Rally to Restore Sanity and/or Fear

The whole family watched this for the last couple of hours, and I just wanted to register my opinion. I was skeptical, I’ll admit. I was a fan of the Daily Show for years, but I haven’t watched much since 2008. I just couldn’t really support the twerpy frat-boy appeal of Comedy Central overall, and I thought Stewart took some unfair shots at Hillary, so I stopped watching altogether. I wasn’t sure what he was up to with this rally.

I’ll admit I was surprised. And entertained. Not just by the entertainment, either. It was actually kind of fun to watch the crowd as it became clear this was not going to be another liberal smugfest, and they were one of the intended targets too. I thought Stewart was pretty fair in his treatment of our political landscape and its effects on our behavior.

Which is why I find it so interesting that there hasn’t been much media attention paid to his closing remarks. It appeared to be a real call for everyone to put away their negativity and view each other as what we are–our fellow Americans. That’s the message I’ve been trying to get out for a couple of years now. My guess is that it will be ignored coming from him too. The vitriol train rolls on.

Speaking of trains, the Train song sequence was the highlight of the show as far as I’m concerned. I lost it when Ozzy came out and was blown away by both Yusef and The OJays. Pretty hilarious. Mr. Peacock, of course, suggested that a *ahem* less reasonable, funnier ending would have been to have Yusef and Ozzy do a duet of Highway to Hell. Heh.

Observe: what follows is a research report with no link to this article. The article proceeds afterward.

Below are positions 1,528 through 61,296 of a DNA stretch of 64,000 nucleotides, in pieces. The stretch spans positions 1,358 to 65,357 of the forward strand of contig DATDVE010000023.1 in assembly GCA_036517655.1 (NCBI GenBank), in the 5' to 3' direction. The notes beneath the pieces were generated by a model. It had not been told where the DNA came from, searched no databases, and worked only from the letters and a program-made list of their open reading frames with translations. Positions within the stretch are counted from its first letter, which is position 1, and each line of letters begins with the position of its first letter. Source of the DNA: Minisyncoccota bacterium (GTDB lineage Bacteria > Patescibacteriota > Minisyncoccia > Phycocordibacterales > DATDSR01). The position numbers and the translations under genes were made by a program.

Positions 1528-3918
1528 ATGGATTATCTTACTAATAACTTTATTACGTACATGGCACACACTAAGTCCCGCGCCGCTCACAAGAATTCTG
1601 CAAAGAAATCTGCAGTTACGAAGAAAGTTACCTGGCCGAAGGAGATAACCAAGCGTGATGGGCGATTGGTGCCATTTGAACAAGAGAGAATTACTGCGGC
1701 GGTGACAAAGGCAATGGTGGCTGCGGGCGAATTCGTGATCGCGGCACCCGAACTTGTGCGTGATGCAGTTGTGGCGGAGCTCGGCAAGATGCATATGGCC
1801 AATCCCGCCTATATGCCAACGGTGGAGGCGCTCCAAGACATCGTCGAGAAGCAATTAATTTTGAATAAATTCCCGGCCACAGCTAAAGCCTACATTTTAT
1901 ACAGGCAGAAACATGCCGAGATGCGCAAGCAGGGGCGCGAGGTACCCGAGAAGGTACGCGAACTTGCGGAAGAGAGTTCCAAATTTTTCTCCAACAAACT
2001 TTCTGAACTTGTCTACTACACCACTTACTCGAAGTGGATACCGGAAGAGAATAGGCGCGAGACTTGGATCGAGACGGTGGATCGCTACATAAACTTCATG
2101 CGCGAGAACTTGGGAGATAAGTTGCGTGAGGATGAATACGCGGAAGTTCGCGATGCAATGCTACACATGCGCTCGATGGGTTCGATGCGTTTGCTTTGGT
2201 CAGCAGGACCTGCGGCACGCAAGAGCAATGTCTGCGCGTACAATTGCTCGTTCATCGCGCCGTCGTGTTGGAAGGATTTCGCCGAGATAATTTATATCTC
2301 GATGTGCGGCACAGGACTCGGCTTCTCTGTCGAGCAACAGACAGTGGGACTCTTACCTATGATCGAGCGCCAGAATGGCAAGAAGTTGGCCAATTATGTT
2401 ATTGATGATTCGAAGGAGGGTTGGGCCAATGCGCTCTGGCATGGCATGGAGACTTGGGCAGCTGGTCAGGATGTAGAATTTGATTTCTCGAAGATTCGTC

Did you see it? What do you think?

Why It’s Not Just “Vagina Voting”

This article has been cross-posted from The New Agenda.

I will never forget the night in 2008 when I was accused of being a “Vagina Warrior.” This accusation came from a young female writer who patronized the same beer joint I did, and who I had previously understood to be a thoughtful politically interested party.

Not in the heat of 2008. Gone was our friendly familiarity as she and her young group of friends discussed their liberal politics. After announcing snidely to her friends that I was voting for McCain/Palin, (which she knew based on previous conversations) she exclaimed, “She’s a bona fide Vagina Warrior!” I can still see the backward tilt of her head and hear the ugly peal of laughter that escaped her lips.

A year earlier I might have shrunk from it. I’d have felt the sting and walked away, getting over it by the next time we met. That night I walked away angry and we have not had a decent conversation since, which I very much regret. This is not a winning strategy. We have to find a way to talk about how we can support women with people who have different political perspectives.

See, I want more women in office, period. I don’t care if they are corrupt or crazy, or even unqualified, considering the current slate of mostly male corrupt, crazy, unqualified office holders. We can work out the content later. This is what I have come to after 20 years of political activity and working for women’s progress.

In order to get those women in office, we need young women like the one who called me a “Vagina Warrior.” They don’t have 20 years of experience to show them the way, and we don’t have 20 years to wait while they gain it. We’re going to have to take the time to convince these young women that it’s not just “vagina voting,” that there are sound reasons for an electoral strategy that puts women first. Equality in the negatives will not be enough. We need a bridge, and the bridge is reason.

What are the reasons we need to vote for women? What talking points should we use to convince others? After a few years of ruminating on the topic and trying out different approaches, three arguments seem more persuasive than others, what I’m calling “the three Ps:” Percentages, Policy, & Patriotism. Each has a corresponding talking point. These talking points are not only effective on young feminists. They work on just about anyone who sees the disparity and wants parity for women. Use them anywhere and everywhere! Continue reading